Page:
Photo by Matt Edge

Kevin Sessums’ way with words has taken him places.

As the current Editor-in-Chief of FourTwoNine, his track record of carrying “glamorous cargo” includes notable stops at Interview and Vanity Fair, along with contributions to Elle, Marie Claire, Playboy, and many more.

But writing also saved his life.

Sessums’ second memoir, “I Left It On The Mountain,” is a story of battling a drug addiction after hitting rock bottom—a battle that was literally happening as he wrote it. It’s a story of hope, one that Sessums believes anyone going through hard times can relate to.

Sessums will be in Birmingham tonight for a book signing at WorkPlay (presented by our friends at Books-a-Million), and we were able to chat with him for a few minutes about his perspective on media, the ever-evolving digital landscape, and the difference between writing and journalism.

What has the transition been like from working with magazines, working in print media, to becoming an author?

I look at my day job as if I’m a truck driver. I just haul glamorous cargo. That’s all. I put the glamorous cargo in the back, I haul it to deadline, I get behind the wheel again when I get more cargo, and I drive it. I’m just a long-haul trucker. I have a very blue-collar, working-class attitude about all that. I don’t think of myself as a journalist even—I think of myself as a writer. Someone who’s not intimidated by fame who can structure a narrative. I’m too lazy to be a journalist. [Being an author], that’s a whole other aspect of my talent, I think. Another way to utilize it. I really look on that as the truest version of myself, especially in this last book. I had to save my own life. And the only way that I could save my own life was to be the truest version of myself, which is to be a writer. I had to write myself into being sober. When I began this book, I was an active [crystal meth] addict, and I began to write the sober narrative, and I began to live it. That’s another aspect of this book—if people can read it within the trope of addiction maybe, or alcoholism, if they can figure out who the truest version of themselves can be, maybe they can find a way out of their own darkness by being that truest self.

I look at my day job as if I’m a truck driver. I just haul glamorous cargo. I don’t think of myself as a journalist even. I’m too lazy to be a journalist.

FourTwoNine started literally from the ground up, with a Kickstarter campaign. How did you get involved with them?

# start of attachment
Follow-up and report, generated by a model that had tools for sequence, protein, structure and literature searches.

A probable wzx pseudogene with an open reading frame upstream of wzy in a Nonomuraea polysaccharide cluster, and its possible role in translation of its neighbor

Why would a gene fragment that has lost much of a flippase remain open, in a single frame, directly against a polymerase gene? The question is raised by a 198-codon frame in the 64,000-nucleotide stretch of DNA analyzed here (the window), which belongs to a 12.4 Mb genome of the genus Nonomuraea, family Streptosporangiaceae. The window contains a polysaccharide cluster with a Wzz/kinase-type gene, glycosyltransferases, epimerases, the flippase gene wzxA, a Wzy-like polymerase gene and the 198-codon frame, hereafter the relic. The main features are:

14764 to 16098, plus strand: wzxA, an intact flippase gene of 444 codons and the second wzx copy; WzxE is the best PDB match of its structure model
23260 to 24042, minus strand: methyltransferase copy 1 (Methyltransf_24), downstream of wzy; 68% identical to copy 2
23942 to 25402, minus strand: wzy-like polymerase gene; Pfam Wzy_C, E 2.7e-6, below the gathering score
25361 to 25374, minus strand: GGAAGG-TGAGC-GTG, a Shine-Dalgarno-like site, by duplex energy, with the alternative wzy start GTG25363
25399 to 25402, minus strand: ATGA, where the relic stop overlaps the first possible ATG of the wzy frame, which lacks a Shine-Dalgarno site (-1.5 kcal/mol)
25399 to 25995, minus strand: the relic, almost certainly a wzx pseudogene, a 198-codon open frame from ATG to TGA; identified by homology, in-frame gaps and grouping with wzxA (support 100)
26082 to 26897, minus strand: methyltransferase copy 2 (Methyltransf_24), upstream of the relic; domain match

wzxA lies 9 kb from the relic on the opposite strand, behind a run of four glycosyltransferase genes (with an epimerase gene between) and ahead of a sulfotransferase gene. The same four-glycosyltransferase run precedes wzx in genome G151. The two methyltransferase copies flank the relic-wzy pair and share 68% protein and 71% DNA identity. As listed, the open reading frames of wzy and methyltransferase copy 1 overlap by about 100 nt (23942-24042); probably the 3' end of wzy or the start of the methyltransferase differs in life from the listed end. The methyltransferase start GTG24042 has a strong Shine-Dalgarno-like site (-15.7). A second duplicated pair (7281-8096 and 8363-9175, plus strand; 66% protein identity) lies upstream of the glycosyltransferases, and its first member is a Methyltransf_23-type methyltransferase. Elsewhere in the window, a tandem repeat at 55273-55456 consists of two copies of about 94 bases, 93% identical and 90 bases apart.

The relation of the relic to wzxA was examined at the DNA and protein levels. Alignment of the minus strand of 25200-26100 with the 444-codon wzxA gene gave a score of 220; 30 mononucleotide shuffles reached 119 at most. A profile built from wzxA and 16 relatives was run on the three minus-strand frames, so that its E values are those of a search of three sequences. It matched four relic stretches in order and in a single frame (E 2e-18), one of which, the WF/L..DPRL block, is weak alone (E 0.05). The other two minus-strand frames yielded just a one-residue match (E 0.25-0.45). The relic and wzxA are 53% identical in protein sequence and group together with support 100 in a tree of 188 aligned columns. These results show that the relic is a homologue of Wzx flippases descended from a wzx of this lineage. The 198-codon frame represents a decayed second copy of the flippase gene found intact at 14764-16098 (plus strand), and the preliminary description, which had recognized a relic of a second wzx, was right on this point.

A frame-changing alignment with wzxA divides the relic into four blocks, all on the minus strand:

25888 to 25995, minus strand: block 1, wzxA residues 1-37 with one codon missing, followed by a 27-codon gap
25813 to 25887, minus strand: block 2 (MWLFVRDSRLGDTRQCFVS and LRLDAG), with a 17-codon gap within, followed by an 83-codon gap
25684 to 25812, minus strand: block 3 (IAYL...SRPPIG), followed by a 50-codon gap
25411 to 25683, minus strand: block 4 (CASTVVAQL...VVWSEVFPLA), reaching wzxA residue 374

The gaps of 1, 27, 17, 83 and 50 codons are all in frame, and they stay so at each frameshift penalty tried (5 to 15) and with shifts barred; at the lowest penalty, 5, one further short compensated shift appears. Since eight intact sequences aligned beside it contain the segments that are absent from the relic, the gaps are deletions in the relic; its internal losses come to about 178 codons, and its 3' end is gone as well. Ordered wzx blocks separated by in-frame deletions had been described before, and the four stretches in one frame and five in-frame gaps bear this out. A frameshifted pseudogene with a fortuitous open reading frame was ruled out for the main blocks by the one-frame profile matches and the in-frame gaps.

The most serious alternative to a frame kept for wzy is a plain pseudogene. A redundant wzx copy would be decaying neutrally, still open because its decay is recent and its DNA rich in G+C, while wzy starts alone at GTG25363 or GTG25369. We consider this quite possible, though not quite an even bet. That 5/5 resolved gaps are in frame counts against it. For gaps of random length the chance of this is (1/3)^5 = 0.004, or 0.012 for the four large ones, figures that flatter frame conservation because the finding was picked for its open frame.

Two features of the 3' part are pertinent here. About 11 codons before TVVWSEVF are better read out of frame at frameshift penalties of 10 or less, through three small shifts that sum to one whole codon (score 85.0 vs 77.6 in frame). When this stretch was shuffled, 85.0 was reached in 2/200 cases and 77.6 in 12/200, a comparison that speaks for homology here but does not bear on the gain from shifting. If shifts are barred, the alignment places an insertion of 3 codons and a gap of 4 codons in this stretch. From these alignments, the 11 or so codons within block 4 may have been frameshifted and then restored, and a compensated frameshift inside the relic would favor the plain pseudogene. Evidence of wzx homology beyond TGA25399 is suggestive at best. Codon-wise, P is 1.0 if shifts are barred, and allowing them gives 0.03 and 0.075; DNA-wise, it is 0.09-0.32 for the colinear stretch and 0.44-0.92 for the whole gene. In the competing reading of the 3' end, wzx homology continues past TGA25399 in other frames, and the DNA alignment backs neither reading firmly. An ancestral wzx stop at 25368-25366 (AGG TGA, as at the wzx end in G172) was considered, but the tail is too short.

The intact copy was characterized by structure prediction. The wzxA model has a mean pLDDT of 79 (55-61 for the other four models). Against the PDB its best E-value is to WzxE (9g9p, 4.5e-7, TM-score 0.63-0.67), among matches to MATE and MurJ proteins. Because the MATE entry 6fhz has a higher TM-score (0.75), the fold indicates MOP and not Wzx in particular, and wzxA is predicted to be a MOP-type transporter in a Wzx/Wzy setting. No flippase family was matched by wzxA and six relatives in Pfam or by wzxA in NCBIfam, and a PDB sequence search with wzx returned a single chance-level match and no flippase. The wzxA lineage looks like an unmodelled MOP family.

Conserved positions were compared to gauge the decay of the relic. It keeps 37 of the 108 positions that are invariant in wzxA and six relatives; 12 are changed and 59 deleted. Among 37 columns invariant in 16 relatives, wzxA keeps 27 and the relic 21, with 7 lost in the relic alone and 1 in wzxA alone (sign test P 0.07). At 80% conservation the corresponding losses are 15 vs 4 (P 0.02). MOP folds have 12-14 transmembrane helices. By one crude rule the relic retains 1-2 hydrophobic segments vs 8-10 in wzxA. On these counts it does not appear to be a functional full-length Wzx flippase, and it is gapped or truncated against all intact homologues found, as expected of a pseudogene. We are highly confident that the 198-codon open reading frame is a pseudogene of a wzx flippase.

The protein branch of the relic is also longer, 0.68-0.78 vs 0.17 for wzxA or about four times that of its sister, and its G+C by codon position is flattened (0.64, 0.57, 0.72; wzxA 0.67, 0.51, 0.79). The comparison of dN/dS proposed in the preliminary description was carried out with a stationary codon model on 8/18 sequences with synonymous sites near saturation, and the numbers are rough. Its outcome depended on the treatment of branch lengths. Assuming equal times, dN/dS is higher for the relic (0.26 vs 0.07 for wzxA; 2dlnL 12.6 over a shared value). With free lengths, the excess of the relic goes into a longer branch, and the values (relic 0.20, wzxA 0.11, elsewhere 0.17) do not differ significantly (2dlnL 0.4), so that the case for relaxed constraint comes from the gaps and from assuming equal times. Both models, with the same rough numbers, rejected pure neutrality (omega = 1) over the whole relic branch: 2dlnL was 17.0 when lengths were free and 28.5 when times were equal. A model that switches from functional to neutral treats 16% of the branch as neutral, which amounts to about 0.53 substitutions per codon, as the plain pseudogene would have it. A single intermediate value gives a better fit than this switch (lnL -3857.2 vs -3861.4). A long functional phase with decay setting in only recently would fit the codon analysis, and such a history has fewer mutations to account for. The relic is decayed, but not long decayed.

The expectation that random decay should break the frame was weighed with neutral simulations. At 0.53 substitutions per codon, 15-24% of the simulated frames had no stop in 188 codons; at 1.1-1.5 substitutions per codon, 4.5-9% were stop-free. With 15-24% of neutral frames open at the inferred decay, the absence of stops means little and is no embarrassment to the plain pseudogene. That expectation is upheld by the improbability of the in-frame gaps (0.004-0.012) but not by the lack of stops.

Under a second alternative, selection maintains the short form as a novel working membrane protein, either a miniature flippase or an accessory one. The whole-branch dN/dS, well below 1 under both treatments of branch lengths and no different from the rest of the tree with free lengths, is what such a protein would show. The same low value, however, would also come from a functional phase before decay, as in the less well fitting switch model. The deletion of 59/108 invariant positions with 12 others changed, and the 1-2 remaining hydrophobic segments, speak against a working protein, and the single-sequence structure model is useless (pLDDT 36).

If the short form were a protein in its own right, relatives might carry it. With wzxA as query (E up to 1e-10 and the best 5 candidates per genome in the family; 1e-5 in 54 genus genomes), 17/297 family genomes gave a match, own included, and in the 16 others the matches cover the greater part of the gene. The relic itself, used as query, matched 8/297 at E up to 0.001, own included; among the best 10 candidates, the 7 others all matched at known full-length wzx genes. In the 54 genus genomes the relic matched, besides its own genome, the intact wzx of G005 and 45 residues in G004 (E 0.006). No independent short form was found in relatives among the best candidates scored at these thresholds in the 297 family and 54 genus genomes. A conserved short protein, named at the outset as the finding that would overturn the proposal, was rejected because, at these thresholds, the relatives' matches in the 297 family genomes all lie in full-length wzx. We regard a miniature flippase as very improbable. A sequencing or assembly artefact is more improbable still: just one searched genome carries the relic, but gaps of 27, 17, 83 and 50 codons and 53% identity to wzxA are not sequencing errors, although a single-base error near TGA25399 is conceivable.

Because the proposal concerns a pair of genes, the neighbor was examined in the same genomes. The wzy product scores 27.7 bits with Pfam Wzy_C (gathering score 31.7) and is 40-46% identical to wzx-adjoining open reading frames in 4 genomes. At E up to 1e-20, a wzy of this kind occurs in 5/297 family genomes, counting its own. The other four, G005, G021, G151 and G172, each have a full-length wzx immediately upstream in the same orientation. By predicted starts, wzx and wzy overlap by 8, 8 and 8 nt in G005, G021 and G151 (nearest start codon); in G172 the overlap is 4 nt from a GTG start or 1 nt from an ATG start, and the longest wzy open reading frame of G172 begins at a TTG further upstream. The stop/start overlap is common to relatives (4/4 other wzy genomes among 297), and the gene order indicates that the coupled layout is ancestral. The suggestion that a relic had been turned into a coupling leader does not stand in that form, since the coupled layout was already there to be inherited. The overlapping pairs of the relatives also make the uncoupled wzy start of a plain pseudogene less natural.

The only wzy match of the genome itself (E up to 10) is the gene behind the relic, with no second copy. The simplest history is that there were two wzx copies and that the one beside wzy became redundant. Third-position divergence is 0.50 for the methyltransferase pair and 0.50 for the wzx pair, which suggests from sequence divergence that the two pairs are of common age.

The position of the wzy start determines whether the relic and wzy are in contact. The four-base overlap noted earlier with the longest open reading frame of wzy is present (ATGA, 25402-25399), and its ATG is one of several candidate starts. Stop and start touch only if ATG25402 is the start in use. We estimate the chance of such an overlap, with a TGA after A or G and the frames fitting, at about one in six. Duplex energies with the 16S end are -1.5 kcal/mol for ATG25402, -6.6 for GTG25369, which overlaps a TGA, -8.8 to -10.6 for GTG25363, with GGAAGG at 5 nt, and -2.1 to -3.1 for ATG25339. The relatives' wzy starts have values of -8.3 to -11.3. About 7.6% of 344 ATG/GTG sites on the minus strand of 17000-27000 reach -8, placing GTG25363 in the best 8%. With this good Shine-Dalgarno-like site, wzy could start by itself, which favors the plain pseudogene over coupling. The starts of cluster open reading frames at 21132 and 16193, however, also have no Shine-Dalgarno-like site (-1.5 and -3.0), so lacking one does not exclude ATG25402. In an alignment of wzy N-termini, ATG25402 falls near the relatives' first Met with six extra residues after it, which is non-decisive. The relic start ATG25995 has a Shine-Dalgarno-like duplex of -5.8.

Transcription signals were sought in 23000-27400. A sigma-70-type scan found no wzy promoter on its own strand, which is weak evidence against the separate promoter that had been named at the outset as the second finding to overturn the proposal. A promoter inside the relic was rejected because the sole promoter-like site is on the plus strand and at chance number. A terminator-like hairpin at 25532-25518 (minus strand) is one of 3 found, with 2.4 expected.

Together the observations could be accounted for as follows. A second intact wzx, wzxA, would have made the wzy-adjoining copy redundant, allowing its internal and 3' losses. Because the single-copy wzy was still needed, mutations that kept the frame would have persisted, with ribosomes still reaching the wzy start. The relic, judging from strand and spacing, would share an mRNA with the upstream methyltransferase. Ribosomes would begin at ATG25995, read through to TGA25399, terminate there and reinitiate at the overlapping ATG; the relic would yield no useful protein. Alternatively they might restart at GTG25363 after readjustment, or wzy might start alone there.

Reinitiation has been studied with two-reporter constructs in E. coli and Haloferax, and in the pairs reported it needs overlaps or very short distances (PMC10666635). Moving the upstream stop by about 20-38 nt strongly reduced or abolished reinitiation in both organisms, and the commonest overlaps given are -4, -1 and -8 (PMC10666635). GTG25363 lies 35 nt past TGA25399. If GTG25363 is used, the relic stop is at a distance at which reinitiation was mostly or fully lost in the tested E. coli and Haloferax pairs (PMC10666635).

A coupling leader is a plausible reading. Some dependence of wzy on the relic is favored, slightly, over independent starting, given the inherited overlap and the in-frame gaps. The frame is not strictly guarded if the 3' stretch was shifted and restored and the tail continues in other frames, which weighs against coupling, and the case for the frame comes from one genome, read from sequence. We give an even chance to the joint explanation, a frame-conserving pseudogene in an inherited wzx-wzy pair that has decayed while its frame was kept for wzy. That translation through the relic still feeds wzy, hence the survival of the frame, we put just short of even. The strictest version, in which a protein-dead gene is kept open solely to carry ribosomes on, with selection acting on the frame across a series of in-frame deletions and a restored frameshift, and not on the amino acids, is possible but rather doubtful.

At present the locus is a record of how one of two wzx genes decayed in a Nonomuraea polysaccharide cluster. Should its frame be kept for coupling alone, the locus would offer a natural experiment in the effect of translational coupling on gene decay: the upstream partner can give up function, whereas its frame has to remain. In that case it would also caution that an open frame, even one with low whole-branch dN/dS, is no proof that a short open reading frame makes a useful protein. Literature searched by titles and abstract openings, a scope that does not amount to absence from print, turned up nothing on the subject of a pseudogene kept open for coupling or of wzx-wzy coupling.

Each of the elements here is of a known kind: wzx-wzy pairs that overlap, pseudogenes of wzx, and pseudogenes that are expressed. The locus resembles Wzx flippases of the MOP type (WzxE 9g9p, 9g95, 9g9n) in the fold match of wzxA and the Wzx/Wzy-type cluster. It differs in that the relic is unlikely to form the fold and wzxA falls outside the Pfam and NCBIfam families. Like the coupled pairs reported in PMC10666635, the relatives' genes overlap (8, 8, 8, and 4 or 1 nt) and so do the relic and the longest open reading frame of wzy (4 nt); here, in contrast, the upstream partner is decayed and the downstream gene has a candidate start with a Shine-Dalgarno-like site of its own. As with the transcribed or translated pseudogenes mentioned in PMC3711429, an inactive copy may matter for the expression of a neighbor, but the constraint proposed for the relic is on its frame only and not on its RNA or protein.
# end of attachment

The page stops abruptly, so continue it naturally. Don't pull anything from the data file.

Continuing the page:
I was looking for jobs, because I needed one. At that point I was a homeless recovering drug addict. It’s all in my new book, “I Left It On The Mountain.” I needed a job. Because I had nothing left. I just kept looking for jobs, and I sent in my résumé, they called me, we went and had lunch in Boston. I had so little money, I was so broke—I was living in 100 square feet, no closet, no kitchen, nothing. I had just spent money to get on a bus from Provincetown to Boston to meet the publisher. I arrived on the bus like Holly Golightly. And he offered me a job, and my life changed. I’ve done four issues now. The first issue was Sarah Jessica Parker and Andy Cohen. They’re a couple friends of mine—I had nothing to show them, so they sort of took a leap of faith with me. I call that the friendship issue because I called in a lot of friendships. The next issue I had Jared Leto on the cover with his brother Shannon from their band 30 Seconds to Mars. That was the family issue. The next issue, I had Alan Cumming on the cover. And then I realized, once I had those first three covers, I had an Emmy winner, a Golden Globe winner, an Oscar winner, and a Tony winner on the first three covers, if that means anything.

Not too bad.

This next issue is coming out this week. James Franco is on the cover. This is the conceptual issue. We’re gonna put two different covers on the newsstands with him. The concept I came up with is the straight James Franco talks to the gay James Franco, and he loved the concept. He wrote it himself, as if it was a transcription of a recorded conversation. So I think that will get a little traction, maybe.

The only [interview subject] I’ve ever wanted to kiss was Johnny Depp. I once told John Waters that, and he said, “Well, you should have. He would have let you.”

You’ve spoken with just about everyone in show business. What was your most memorable interview?

Oh, lordy. I have a patent answer for that, which is always “the next one.” Because you’re sort of like a shark in this business, you’re just always moving forward. I don’t like to talk about my favorites, but the one I sort of adored was Emma Thompson. I think that was one of the best stories I ever wrote. Because she spent a lot of time with me. We spent a lot of time in Los Angeles, I flew to London, I spent several days with her in London. But that was the old days. Now you’re lucky to get an hour between a botox injection and a bowel movement. The only person I’ve ever wanted to kiss was Johnny Depp.

The only one?

I’ve wanted to [sleep with] a few of them, but I only wanted to kiss one of them, and that was Johnny Depp. I once told John Waters that, the director, because they’re friends. And he said, “Well, you should have. He would have let you. The straight ones always let you kiss them. It’s the gay ones who won’t.”